PREBATTLE: PRE-EMERGENCE CONTROL OPTIONS

Pre-emergence weed-control options offer a real solution for spring and summer seeding because they eliminate the weed competition that severely limits turfgrass establishment. By controlling weeds at turfgrass seeding, you can hasten the establishment of new turf and possibly eliminate the need for subsequent postemergence chemical treatments.

In addition to siduron, quinclorac is the only other herbicide currently registered for weed control at turfgrass seeding. Quinclorac has been used primarily for postemergence crabgrass and clover control. However, the potential of this herbicide for use at turfgrass seeding has largely been overlooked. You can use quinclorac at seeding of annual bluegrass, annual ryegrass, buffalograss, common bermudagrass, hybrid bermudagrass, perennial ryegrass, tall fescue and zoysiagrass. You can also use quinclorac seven days prior to seeding of creeping bentgrass, fine fescue and Kentucky bluegrass. In addition, you can use it anytime prior to, at, or after sprigging of common bermudagrass, hybrid bermudagrass or zoysiagrass.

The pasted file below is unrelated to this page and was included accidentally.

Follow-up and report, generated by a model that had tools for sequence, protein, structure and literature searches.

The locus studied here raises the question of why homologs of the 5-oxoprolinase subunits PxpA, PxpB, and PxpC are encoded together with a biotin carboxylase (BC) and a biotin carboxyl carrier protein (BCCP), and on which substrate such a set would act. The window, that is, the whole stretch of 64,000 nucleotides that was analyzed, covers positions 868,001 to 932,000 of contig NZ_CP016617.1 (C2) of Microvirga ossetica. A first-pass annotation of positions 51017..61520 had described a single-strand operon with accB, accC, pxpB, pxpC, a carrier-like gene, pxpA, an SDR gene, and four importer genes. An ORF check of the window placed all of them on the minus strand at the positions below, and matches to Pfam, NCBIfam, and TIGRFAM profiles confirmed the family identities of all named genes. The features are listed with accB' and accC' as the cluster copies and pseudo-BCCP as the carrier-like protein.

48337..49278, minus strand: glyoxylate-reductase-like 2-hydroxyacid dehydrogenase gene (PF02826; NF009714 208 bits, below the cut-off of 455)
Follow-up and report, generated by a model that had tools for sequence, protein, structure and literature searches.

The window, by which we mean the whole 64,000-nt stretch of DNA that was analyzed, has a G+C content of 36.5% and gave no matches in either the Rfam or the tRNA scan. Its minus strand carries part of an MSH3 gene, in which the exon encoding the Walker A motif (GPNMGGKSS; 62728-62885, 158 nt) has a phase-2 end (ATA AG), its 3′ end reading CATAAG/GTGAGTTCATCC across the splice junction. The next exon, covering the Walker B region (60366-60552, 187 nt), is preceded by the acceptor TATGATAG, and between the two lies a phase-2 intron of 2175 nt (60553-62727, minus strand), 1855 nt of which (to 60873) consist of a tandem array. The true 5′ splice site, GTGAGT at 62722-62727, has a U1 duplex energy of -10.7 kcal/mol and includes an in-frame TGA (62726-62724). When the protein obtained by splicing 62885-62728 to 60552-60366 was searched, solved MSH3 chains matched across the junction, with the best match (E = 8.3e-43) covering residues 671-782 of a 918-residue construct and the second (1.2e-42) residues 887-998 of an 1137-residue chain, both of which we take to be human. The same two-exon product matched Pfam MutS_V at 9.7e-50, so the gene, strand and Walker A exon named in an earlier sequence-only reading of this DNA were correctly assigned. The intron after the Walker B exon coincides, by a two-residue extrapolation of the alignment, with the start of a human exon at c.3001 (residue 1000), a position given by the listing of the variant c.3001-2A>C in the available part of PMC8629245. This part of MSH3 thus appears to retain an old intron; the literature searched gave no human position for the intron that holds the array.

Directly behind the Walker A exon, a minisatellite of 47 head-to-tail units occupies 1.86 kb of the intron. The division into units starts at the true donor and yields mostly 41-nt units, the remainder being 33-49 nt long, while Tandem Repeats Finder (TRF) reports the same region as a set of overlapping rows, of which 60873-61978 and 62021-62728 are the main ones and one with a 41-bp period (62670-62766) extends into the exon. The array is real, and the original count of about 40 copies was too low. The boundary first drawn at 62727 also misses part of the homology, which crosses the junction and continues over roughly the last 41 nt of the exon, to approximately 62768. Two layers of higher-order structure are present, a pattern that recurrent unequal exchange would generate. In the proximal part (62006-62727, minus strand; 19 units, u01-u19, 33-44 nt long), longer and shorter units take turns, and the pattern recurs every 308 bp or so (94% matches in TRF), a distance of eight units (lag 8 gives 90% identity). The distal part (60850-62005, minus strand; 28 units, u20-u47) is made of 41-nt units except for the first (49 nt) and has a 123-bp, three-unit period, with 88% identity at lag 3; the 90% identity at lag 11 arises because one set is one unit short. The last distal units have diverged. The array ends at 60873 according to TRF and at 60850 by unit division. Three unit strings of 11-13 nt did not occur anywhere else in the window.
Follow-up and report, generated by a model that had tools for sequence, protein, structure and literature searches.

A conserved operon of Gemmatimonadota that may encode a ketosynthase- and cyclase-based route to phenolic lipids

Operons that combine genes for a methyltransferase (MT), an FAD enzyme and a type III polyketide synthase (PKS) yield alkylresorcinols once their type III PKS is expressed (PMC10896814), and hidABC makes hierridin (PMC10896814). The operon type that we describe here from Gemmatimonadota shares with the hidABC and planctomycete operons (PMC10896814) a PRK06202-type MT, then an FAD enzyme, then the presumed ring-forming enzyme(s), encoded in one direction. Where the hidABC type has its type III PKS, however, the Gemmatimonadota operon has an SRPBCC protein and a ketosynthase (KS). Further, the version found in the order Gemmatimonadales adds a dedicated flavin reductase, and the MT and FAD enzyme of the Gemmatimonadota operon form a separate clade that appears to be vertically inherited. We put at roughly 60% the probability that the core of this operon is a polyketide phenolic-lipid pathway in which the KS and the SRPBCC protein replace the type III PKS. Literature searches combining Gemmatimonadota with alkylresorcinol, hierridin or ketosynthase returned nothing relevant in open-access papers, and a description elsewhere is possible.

By comparison, you can apply siduron at seeding of creeping bentgrass, colonial bentgrass, tall fescue, Kentucky bluegrass and perennial ryegrass. However, you should not use siduron at seeding or sprigging of warm-season grasses such as bermudagrass. You may use oxadiazon at sprigging of common bermudagrass and hybrid bermudagrass, but not at seeding of any turfgrass. Most grassy weed herbicides used on turfgrass must be applied at least three weeks before turfgrass can be seeded. A few exceptions include fenoxaprop, bentazon, bromoxynil and ethofumesate. However, with the exception of ethofumesate, these herbicides do not control weeds at the preemergence stage. Of course, turfgrass susceptibility to herbicide injury varies with turfgrass species, and generalizations are difficult to make. Always consult the herbicide label before using any product prior to turfgrass seeding.